5. whatever says:

    What a fun idea and a nice change of scenery on Reid street :)

  6. Winnie Dread says:

    For a city so small there are more that adequet green spaces around, you just have to be willing to walk to them. Not sure what doing this is going to achieve, me thinks the money could br better used to do something about the terrible road around the city.

    • Joonya says:

      BINGO

    • Tommy Chong says:

      The roads weren’t terrible when there were size limits to vehicles. Traffic is what destroys the roads so I have an idea that if you own an oversized vehicle for personal or commercial use you should have to pay a yearly road tax that covers the cost of maintenance.

    • Shelta says:

      For a city so small there are more that adequet parking spaces around, you just have to be willing to walk to them.

  7. Y-Gurl says:

    its idiotic ideas like this that help fuel friction between C of H and the taxpaying public. Hamilton is supposed to be a municipality not a playground, parking is already almost impossible and C of H in their less than infinite wisdom continue to obstruct in every way possible the proper infrastructure required for commerce.

    • Jenn says:

      This is an international event http://parkingday.org/ – so based on your logic I suppose all cities who participate worldwide must be idiots?!? I think if you are looking for an idiot – look in the mirror.

      • Y-Gurl says:

        Wow such an eloquent reply from a classy a$$, the fact it’s a barely recognized international event has no bearing whatsoever on my comment, we import as many idiots as we grow, there are many overseas events that are not suited to Bermuda and lots of jurisdictions that cater to commerce over playtime

    • Tommy Chong says:

      There are plenty of cities with extremely limited parking & most of these have a heck of a lot better commercial infrastructure than Hamilton. Heavy traffic is proven to be one of the demonising factors of quality of life.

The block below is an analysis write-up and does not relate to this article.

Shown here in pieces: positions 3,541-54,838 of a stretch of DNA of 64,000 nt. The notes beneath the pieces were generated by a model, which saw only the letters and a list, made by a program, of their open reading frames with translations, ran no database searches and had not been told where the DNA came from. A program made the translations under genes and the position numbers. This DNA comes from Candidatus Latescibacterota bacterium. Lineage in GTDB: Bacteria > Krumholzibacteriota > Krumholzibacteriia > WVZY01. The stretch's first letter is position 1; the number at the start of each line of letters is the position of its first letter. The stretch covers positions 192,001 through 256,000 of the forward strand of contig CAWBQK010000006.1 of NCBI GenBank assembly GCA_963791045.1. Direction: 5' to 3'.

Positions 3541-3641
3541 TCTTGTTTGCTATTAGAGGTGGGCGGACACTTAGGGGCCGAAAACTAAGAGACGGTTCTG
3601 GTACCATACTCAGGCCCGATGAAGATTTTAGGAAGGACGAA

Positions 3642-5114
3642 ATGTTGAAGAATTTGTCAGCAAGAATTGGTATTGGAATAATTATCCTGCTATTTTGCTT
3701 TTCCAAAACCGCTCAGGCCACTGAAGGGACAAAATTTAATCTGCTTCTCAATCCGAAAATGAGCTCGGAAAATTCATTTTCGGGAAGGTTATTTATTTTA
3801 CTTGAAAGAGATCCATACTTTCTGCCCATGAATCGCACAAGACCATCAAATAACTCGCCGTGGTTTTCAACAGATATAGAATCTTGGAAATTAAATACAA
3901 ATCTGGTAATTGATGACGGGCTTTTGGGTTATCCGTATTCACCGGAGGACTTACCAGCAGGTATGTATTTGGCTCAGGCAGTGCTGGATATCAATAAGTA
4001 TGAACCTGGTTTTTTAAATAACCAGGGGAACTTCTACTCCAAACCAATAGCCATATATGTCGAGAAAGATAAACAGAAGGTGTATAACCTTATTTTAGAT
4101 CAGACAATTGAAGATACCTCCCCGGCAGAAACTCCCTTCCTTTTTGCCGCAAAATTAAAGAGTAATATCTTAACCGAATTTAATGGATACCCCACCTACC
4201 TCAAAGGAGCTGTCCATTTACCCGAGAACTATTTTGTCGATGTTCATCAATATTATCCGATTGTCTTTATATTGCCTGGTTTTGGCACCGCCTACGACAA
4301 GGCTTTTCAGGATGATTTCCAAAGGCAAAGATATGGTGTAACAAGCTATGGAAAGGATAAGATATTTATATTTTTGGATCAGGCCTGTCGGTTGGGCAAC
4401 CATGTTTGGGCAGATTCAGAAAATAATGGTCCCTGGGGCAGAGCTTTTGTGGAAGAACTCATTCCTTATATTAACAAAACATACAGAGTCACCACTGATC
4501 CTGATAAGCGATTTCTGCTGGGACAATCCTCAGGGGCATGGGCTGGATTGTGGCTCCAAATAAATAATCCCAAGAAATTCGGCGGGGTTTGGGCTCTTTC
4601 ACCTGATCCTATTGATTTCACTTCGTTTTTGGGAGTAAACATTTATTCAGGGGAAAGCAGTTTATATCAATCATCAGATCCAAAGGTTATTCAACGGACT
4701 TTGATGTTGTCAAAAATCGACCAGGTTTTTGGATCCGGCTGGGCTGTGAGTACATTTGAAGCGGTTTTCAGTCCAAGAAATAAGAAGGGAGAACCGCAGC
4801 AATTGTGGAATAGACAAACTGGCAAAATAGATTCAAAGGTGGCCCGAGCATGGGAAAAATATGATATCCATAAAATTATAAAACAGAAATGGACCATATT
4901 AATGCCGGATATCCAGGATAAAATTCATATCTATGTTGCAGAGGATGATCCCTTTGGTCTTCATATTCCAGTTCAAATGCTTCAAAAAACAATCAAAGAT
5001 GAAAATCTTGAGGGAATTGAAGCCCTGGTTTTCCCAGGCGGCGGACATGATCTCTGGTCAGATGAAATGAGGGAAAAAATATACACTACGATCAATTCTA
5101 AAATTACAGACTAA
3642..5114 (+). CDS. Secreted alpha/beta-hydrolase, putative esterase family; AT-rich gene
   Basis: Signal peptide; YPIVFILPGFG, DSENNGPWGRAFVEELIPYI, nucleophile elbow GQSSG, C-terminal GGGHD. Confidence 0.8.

• seafan says:

        In Europe many towns have parking garages just outside of the city center and then have pedestrian only areas in the town. Problem here is, we are too lazy to walk from a parking lot into town. I have never had trouble getting a spot in City Hall car park, especially now that so many people have left the island. It is easy to park there and then walk to Front St or wherever I need to go.

  8. somuchless says:

    this reminds me of the time when gibbons co had the huge christmas tree outside their door on reid street taking up two car bays.

    this is far better imho.

  9. Young Adult says:

    I swear some of you just read the headline and not the article. We are participating just like other countries in the world on this Park(ing) day. Why do some of you have to be so negativ?. I rode through town today and it looks great. Well done C of H!!.

    • tricks are for kids.... says:

      I agree…..a change of scenery is good….SOME people just LOOK for things to complain about……

  10. Just me Being Me says:

    This is a breath of fresh air. Awesome to see something different for a change. Great opportunity for the artists and all that participated to get their creative juices going. I like this!

    All you negative persons, step outside of the box that you are in! It’s people like you on why this island is stuck in neutral!

  11. Truth is 'me... says:

    I guess C of H and Planning didn’t see the front page article today. We may soon bankrupt ourselves as soon as 2016 if this debt isn’t paid off!!!! While Rome is burning the fiddlers are playing with parking spaces!!!!!!

  12. Betty Rech says:

    this is the city !!! where people have business to run and people have business to do.

    go make the parks and beaches attractive for our tourist.

    Instead of worrying about Parking in the City

    We really need to find away to get this country out of DEBT that’s what everyone should be worrying about.

    • Tommy Chong says:

      “go make the parks and beaches attractive for our tourist.”

      I do recall seeing many, many tourist in Hamilton this summer & I’m sure they’d rather see this than concrete & vehicles.

  13. Peter Pumpkin Eater says:

    I think it’s a novel idea, but how much did this sideshow cost? The City has parks everywhere. Sure, it was good to see Reid Street looking different but there’s a huge park at the end of the street! Hang a left on foot and you hit Albouy’s Point park. Fail.

    • Pedestrian says:

      It cost the corporation very little. This was a collaboration with businesses and volunteers.

  14. tricks are for kids.... says:

    Ever so thankful that I am “too blessed to be stressed” over a change of scenery for ONE day…….

  15. cicada says:

    I guess you lot never go to any other cities. Most nowadays have pedestrianized their central area so people can shop MORE without having to worry about cars etc.